Legal steps and considerations for hiring your first employee

woman interviewing a job candidate

Before you post that "Help Wanted" sign, it's essential to know the law

Recent headlines point to an increase in small business growth and entrepreneurial startups during the global pandemic, with new business starts increasing by double-digit percentages. That's according to experts at the U.S. Chamber of Commerce, who reported that in 2021, new business starts were 20% higher than the previous year in some states, and overall nationally, new businesses increased by 24.6%. This included growth in the non-classified sector for businesses that didn't fit within traditional definitions, indicating a high likelihood of innovators creating something entirely new. 

employment law attorney justin petersonWhen business is good, it's good to have help

"If you're among those entrepreneurs who are part of the upward trend in startups, and business has been good, you may be thinking about adding some help," said employment law attorney Justin Peterson. "Despite how eager you might be to onboard that help, there are some legal obligations you have to take when you're ready to hire your first employee."

As you prepare to hire, here are the legal obligations to keep in mind, according to Peterson. 

11 steps to hiring your business's first employee

1. Secure your employer identification number. 
Your EIN is the number you'll need to file IRS forms, including tax returns. To get this number, you will want to fill out the IRS Form SS-4, available on their website.

2. Now contact the State of Wisconsin Labor Department
"With a new employee comes a new set of obligations to the state," said Peterson. "Among them is an obligation to pay taxes into state unemployment compensation."

This fund is intended to provide relief to workers who lose their jobs. You can learn more at the Wisconsin Department of Workforce Development website. 

3. Purchase workers' comp insurance. 
Workers' comp coverage is vital, as it protects employees who are injured on the job. And in Wisconsin, unless you're self-insured or qualify for an exemption, you're required to carry workers' compensation insurance. 

4. Prepare to pay taxes. 
"As an employer, it will be your responsibility to pay a portion of your employee's income to the IRS and make payments to Social Security and Medicare," Peterson said. "Setting up a payroll system is an important part of this responsibility."

You can learn more via the IRS Employer's Tax Guide on their website. You may also have obligations for the state, which you can research through the State of Wisconsin Department of Revenue. 

5. Get inFORMation. 
It's time for your new hire to fill out some forms. 

  • Have your hire fill out the IRS Form W-4 (also available at, which helps you determine the correct amount of money to withhold from their paychecks. The W-4 should be filled out yearly to determine whether their allowance changes.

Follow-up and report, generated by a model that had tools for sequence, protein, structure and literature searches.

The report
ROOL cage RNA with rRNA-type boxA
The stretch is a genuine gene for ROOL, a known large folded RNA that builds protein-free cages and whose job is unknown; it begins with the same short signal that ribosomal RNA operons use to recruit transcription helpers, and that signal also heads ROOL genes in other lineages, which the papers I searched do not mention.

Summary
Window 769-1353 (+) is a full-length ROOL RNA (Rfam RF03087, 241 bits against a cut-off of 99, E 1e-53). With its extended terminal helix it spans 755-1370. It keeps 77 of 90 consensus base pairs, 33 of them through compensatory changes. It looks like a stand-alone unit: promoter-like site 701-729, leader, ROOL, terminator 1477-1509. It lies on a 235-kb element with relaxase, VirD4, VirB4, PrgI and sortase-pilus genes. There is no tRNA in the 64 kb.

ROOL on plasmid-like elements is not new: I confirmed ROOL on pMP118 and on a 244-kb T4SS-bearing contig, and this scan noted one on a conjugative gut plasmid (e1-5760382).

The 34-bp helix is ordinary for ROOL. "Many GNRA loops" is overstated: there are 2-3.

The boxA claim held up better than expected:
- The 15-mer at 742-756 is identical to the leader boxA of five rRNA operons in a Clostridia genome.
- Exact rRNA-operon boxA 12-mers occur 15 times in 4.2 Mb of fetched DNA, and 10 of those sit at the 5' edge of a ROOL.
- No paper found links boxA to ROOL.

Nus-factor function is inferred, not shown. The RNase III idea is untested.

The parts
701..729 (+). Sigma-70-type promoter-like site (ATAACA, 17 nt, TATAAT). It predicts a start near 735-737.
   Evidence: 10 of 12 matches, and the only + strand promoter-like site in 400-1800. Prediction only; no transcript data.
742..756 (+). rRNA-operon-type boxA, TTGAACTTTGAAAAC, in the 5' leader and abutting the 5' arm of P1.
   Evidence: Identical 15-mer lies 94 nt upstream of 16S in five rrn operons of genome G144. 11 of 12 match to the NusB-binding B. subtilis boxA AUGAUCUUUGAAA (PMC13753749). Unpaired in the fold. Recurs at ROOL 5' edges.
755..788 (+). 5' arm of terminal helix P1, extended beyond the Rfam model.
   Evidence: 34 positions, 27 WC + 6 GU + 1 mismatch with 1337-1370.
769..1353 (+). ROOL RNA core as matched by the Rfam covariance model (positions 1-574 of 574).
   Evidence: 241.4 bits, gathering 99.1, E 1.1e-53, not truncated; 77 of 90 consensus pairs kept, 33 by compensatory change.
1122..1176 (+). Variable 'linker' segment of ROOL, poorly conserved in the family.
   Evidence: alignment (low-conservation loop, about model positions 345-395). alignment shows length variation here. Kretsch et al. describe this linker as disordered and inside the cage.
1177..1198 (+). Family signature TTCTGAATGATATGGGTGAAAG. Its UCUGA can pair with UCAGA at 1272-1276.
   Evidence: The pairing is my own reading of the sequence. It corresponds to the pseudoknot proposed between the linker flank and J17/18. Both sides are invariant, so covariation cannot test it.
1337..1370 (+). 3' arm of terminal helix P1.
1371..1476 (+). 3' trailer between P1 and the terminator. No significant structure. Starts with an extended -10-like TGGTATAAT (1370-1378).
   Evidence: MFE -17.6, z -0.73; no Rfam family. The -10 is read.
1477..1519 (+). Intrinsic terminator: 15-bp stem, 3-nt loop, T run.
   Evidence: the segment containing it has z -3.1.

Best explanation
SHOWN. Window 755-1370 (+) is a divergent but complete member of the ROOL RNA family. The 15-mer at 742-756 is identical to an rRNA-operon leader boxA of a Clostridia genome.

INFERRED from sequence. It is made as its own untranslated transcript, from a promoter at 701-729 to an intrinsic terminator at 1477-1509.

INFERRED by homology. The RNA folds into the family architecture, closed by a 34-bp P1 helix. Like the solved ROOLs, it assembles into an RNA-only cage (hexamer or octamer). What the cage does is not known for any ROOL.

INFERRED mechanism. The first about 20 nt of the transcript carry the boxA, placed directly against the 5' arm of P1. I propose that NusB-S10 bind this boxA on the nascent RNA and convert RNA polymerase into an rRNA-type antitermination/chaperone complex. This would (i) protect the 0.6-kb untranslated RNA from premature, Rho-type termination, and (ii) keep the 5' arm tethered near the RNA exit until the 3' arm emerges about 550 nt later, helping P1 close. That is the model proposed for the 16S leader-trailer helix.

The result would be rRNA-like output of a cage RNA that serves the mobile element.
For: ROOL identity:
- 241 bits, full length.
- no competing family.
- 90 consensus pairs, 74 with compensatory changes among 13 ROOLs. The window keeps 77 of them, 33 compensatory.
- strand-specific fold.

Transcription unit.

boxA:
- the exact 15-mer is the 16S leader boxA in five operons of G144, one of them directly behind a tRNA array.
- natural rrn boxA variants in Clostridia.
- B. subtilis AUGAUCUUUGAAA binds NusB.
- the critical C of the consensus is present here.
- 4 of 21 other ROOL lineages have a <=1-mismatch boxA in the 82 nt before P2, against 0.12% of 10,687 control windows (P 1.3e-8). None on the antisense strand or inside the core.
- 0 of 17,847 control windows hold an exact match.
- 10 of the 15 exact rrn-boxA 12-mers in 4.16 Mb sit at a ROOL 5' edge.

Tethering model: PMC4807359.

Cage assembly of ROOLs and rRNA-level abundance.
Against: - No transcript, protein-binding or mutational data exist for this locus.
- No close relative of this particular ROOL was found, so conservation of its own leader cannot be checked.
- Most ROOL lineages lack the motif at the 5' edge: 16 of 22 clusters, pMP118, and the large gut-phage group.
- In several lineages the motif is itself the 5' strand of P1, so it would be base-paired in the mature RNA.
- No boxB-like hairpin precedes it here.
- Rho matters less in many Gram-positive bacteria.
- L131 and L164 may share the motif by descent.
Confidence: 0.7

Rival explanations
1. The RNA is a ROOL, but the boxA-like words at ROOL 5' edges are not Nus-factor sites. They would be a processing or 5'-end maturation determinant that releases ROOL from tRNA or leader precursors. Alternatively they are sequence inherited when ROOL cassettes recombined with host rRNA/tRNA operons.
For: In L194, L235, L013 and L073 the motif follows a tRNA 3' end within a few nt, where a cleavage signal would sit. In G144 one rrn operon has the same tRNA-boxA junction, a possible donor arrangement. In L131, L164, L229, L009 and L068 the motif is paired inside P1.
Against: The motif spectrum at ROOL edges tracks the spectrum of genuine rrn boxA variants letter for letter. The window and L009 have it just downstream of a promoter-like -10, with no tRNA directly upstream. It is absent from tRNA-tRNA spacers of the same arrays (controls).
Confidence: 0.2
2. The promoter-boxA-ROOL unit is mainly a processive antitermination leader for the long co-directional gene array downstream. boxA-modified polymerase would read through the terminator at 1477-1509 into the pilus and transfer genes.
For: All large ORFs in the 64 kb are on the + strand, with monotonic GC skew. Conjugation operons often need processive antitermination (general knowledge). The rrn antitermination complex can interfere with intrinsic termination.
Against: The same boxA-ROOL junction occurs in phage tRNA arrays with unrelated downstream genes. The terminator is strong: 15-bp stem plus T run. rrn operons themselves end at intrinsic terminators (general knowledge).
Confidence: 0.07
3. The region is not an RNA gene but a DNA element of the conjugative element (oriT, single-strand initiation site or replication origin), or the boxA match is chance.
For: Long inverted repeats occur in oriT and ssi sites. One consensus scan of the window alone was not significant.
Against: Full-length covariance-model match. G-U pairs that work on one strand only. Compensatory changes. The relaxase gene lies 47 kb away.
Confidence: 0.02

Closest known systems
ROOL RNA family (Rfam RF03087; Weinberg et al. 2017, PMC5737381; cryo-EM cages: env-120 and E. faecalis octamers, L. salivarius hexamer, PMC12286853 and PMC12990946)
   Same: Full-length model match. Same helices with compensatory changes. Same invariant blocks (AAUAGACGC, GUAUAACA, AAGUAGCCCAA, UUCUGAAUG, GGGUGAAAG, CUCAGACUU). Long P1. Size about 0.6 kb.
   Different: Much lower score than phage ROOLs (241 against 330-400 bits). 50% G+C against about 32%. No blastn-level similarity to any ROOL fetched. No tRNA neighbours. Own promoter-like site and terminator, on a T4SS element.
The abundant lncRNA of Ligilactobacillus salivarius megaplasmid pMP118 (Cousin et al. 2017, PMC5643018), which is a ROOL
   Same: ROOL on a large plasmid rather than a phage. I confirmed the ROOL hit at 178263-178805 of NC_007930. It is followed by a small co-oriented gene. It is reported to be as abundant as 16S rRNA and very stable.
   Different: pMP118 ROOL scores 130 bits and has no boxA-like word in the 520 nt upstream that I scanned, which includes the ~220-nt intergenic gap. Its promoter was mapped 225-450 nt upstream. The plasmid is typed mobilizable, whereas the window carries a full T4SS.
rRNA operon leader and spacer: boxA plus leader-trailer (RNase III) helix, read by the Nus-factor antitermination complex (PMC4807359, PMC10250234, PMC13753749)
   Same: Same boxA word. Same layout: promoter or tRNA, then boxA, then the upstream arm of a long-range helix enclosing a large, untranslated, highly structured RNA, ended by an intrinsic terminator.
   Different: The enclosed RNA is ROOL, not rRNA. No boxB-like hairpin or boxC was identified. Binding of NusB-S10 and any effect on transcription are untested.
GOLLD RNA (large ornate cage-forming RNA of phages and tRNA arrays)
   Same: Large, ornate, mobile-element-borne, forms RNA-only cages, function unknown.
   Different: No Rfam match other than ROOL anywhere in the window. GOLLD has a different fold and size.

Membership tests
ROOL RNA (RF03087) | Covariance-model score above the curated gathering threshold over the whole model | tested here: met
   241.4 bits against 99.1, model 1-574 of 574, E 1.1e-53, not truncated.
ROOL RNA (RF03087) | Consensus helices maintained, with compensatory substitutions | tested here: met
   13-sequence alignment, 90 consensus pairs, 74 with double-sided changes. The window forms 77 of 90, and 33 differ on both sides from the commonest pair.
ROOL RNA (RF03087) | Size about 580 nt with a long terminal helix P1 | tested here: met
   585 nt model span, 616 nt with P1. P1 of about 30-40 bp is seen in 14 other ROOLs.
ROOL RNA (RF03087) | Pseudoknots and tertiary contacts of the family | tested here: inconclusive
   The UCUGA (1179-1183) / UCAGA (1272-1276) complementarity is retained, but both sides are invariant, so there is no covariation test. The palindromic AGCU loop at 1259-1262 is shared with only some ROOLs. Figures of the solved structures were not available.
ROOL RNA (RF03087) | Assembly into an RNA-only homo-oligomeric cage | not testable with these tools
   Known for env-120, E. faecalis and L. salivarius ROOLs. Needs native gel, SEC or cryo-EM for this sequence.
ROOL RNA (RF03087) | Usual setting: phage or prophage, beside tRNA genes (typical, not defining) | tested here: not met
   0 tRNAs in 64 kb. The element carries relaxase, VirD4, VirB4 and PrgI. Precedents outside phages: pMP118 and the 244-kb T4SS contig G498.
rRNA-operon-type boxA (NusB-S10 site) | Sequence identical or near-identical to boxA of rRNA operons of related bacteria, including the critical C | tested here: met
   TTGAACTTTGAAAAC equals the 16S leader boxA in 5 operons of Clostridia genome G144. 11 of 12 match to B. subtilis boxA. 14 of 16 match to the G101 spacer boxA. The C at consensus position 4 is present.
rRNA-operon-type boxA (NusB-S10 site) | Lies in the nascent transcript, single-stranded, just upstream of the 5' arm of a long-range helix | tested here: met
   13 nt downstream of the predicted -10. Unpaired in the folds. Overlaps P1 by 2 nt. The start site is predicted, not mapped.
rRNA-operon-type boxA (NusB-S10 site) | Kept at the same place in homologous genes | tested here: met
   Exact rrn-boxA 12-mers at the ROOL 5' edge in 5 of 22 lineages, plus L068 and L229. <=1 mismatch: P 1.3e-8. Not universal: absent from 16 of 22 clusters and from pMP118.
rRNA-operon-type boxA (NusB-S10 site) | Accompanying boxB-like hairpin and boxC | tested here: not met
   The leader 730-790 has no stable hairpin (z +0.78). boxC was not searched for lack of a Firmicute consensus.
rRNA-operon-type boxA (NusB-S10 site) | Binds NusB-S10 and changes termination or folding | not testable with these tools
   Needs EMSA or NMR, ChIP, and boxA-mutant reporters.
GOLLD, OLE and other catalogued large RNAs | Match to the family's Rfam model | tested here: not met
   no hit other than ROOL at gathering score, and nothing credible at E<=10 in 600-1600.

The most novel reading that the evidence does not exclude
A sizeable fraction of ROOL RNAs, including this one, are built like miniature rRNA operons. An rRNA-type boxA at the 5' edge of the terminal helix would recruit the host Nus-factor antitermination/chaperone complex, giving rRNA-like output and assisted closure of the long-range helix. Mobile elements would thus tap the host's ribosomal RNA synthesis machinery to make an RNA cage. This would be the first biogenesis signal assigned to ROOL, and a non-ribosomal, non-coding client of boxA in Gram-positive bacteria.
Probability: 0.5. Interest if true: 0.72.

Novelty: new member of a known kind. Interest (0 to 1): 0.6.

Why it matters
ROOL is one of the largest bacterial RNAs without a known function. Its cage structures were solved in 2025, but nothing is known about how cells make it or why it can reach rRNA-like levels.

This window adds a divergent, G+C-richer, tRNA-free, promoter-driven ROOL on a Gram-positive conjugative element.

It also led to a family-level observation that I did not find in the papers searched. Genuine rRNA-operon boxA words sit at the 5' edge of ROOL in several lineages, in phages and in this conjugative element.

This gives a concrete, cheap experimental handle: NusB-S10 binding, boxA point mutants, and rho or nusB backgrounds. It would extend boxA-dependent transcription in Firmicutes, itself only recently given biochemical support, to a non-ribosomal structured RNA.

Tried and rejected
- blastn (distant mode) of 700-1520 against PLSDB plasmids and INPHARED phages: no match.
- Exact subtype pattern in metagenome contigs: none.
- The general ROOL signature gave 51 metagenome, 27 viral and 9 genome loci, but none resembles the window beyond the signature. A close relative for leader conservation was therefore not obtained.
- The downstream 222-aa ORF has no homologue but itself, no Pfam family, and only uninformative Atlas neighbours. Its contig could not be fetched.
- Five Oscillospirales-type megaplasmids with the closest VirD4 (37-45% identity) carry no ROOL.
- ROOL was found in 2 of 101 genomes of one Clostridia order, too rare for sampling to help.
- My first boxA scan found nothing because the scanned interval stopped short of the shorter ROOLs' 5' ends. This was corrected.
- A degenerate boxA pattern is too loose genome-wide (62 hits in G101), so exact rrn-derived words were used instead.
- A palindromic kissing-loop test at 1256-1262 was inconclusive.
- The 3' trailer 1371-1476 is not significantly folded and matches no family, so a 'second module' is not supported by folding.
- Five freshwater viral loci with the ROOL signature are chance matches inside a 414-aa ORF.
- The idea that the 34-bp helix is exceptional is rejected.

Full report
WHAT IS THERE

• Fill out the Employment Eligibility Verification, Form I-9. "This is required by the U.S. Citizenship and Immigration Services and helps you verify that your employee can legally work in the U.S.," Peterson said. "Keep this form on file for three years; you must make it available if Immigration and Customs Enforcement request it." 

You can get the Employment Eligibility Verification form on the USCIS website. Keep the completed form in your staff's I-9 folder (not their personnel file). 

6. Tell Wisconsin.
You must report each new hire to the Wisconsin New Hire Reporting Center. This helps locate parents who owe child support. 

7. Get posting. 
As an employer, it's your responsibility to post several notices related to worker rights. You can find the federally-required posters at the Department of Labor site. Additional posters may be required by Wisconsin and can be found via the Department of Workforce Development. 

8. Report your unemployment tax to the IRS.
Every year that you pay at least $1,500 in wages in any quarter or have an employee work for you for 20 or more weeks, you must file Form 940 with the IRS to report federal unemployment tax. 

9. Create a safe workplace. 
Compliance with the Occupational Safety and Health Act is essential for most employers. Read up on the regulations on the OSHA website, which may include training you're required to offer for safety, incident reporting requirements and recordkeeping. 

10. Establish personnel files. 
It's important to keep files for each employee that include their IRS forms, their job application and job offer, employee benefits forms and performance review records. Certain files, including those related to immigration status and medical records, should be kept in a separate, confidential file under lock and key.  

11. Get the benefits. 
Benefits often serve as a carrot during the hiring process, so you'll want to set up those benefits and the process for signing up for them, which will enable your new staff member to enroll. 

Final steps to hiring your employee

Though it's not legally required, developing an employee manual can help clarify expectations and responsibilities for your new hire. And of course, posting the job and properly conducting the interview process are essential to finding the right talent for the role. 

"With all of these legal steps underway, and your new hire in place, you can prepare to innovate and perform better than ever before with your small business," said Peterson. "If you have questions along the way or run into sticky hiring situations, our employment and labor law attorneys at Johns, Flaherty, & Collins in La Crosse and Holmen, Wisconsin, are ready to help."

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